Construction on the New Wells Fargo Center’s Event Level, which includes new, state-of-the-art locker rooms for hockey and basketball and other world-class amenities for teams and performers, is well underway. The Event Level overhaul is one of the critical, final phases of the arena’s $400 million Transformation project and is scheduled to conclude this fall.

The Event Level project will completely re-imagine 46,000 square feet inside the arena, with over 16,000 square feet dedicated to new locker rooms for both the 76ers and the Flyers. Other upgraded amenities include weight and cardio rooms, state-of-the-art medical facilities including a trauma center, and top-of-the-line family spaces for both teams. The New Wells Fargo Center has already invested $16 million into the Event Level, including construction of the Shift4 Club, one of the country’s top courtside/ice-side clubs. This summer’s project will mark an additional $30 million investment.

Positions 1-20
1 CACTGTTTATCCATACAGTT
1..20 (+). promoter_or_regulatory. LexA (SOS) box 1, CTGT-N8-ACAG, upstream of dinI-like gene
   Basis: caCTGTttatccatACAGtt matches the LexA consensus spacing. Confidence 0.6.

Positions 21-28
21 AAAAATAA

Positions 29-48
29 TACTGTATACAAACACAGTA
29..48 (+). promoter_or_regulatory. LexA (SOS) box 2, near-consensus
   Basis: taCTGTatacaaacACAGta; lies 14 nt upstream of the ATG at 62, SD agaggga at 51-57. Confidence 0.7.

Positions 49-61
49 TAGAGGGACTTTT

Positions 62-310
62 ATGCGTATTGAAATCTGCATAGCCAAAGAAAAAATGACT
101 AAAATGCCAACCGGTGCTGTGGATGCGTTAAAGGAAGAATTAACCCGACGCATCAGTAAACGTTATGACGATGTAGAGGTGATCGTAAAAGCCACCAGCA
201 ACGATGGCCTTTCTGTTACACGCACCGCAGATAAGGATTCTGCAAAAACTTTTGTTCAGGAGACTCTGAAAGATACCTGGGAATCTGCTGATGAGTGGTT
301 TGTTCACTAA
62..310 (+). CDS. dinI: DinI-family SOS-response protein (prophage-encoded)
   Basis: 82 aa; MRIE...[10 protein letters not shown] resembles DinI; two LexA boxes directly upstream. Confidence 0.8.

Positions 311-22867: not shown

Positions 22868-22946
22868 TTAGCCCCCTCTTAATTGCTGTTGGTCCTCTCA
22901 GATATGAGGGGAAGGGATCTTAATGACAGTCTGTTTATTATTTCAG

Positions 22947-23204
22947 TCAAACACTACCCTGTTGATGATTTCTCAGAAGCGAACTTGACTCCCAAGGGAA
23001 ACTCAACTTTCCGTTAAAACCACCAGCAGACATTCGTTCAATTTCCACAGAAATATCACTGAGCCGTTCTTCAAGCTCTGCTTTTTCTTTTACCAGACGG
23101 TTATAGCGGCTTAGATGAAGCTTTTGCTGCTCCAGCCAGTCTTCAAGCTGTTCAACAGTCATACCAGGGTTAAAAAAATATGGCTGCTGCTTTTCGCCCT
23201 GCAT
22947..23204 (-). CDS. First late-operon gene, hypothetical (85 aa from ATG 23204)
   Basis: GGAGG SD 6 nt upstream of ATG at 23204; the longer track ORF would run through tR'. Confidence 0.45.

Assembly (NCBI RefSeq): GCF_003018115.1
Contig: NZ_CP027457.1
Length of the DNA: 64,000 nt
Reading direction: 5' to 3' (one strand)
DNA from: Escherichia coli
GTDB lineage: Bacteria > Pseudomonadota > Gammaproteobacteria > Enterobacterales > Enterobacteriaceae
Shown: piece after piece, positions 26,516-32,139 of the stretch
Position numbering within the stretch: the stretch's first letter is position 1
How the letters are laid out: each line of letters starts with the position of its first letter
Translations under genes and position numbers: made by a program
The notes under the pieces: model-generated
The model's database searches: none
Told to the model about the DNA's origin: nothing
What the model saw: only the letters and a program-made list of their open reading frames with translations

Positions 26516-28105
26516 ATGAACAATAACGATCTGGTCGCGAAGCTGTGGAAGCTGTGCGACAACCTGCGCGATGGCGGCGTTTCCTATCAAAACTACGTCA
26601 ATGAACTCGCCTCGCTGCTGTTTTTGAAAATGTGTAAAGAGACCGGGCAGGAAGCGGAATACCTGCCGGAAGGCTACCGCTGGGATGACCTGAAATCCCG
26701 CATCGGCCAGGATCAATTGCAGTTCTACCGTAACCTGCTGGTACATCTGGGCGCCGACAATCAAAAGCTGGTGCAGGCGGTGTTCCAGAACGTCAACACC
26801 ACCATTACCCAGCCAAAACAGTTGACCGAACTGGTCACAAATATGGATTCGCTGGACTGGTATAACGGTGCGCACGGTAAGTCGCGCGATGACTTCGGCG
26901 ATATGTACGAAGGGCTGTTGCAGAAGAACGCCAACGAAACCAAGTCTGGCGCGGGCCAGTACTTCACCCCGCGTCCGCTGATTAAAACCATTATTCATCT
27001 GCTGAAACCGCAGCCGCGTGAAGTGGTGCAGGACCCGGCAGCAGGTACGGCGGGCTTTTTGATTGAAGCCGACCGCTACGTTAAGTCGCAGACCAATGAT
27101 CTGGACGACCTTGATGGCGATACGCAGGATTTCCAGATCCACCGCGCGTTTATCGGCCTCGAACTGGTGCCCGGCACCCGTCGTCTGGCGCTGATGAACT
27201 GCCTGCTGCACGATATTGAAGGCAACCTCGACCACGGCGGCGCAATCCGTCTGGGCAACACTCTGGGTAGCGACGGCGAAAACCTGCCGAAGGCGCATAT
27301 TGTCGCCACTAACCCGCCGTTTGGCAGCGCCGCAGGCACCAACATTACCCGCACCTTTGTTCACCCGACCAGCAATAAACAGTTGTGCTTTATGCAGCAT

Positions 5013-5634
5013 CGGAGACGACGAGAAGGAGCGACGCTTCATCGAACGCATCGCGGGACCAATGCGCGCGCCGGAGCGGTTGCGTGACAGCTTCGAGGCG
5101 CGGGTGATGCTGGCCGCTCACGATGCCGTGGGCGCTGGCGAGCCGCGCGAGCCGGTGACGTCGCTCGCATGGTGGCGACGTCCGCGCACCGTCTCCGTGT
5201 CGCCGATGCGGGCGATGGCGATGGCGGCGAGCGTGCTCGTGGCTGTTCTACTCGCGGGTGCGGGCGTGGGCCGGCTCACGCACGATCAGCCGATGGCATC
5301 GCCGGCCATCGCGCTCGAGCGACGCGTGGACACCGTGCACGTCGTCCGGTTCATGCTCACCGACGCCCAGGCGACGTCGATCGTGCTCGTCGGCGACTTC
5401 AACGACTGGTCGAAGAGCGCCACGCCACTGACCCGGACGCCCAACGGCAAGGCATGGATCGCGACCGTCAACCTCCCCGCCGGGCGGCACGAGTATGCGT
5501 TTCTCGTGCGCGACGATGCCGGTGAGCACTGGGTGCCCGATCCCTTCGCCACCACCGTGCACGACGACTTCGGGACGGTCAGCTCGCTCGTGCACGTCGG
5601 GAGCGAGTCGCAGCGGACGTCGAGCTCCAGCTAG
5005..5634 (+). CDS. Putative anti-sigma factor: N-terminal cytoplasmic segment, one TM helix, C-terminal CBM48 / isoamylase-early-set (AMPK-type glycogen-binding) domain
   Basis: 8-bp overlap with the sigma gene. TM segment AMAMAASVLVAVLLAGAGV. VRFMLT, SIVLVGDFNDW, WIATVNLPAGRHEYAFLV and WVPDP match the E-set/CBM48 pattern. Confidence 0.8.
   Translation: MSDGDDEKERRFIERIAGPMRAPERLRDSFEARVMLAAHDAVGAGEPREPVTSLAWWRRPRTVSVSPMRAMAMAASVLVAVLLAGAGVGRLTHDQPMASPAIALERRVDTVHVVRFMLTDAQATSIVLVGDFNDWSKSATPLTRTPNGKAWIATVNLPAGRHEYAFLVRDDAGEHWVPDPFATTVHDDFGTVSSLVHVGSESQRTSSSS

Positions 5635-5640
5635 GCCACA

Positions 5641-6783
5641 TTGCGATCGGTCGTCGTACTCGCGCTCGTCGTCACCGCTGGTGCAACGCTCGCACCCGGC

The New Wells Fargo’s Center $400 million Transformation project is fully privately funded by Comcast Spectacor. Earlier this month, the arena released renderings of the exterior upgrades which are also underway. The Transformation project, which supports hundreds of jobs and union roles in South Philadelphia, will ensure that the New Wells Fargo Center remains a world-class venue for hockey, basketball, and more for decades to come. The New Wells Fargo Center is also a key anchor of South Philadelphia’s revitalization and the city’s unique Sports Complex.  

Comcast also shared some video:

One thing I noticed in the video is this trash receptacle, labeled “Tubster.” –

Is this like the Bagster? A dumpster in a bag! What came first – the Tubster or the Bagster? Inquiring minds would like to know! Good thing we have Google, which reveals that the Tubster is offered by a local company called Revolution Recovery:

Put ’em in the Tubster!

For real though, I need to know if the Tubster or the Bagster came first, because we might have copyright infringement here. I should call up that lawyer I talked to earlier and see if he knows anything about this. We’ll have to do a trademark look up and get to the bottom of this. Do some real journalism and sleuthing.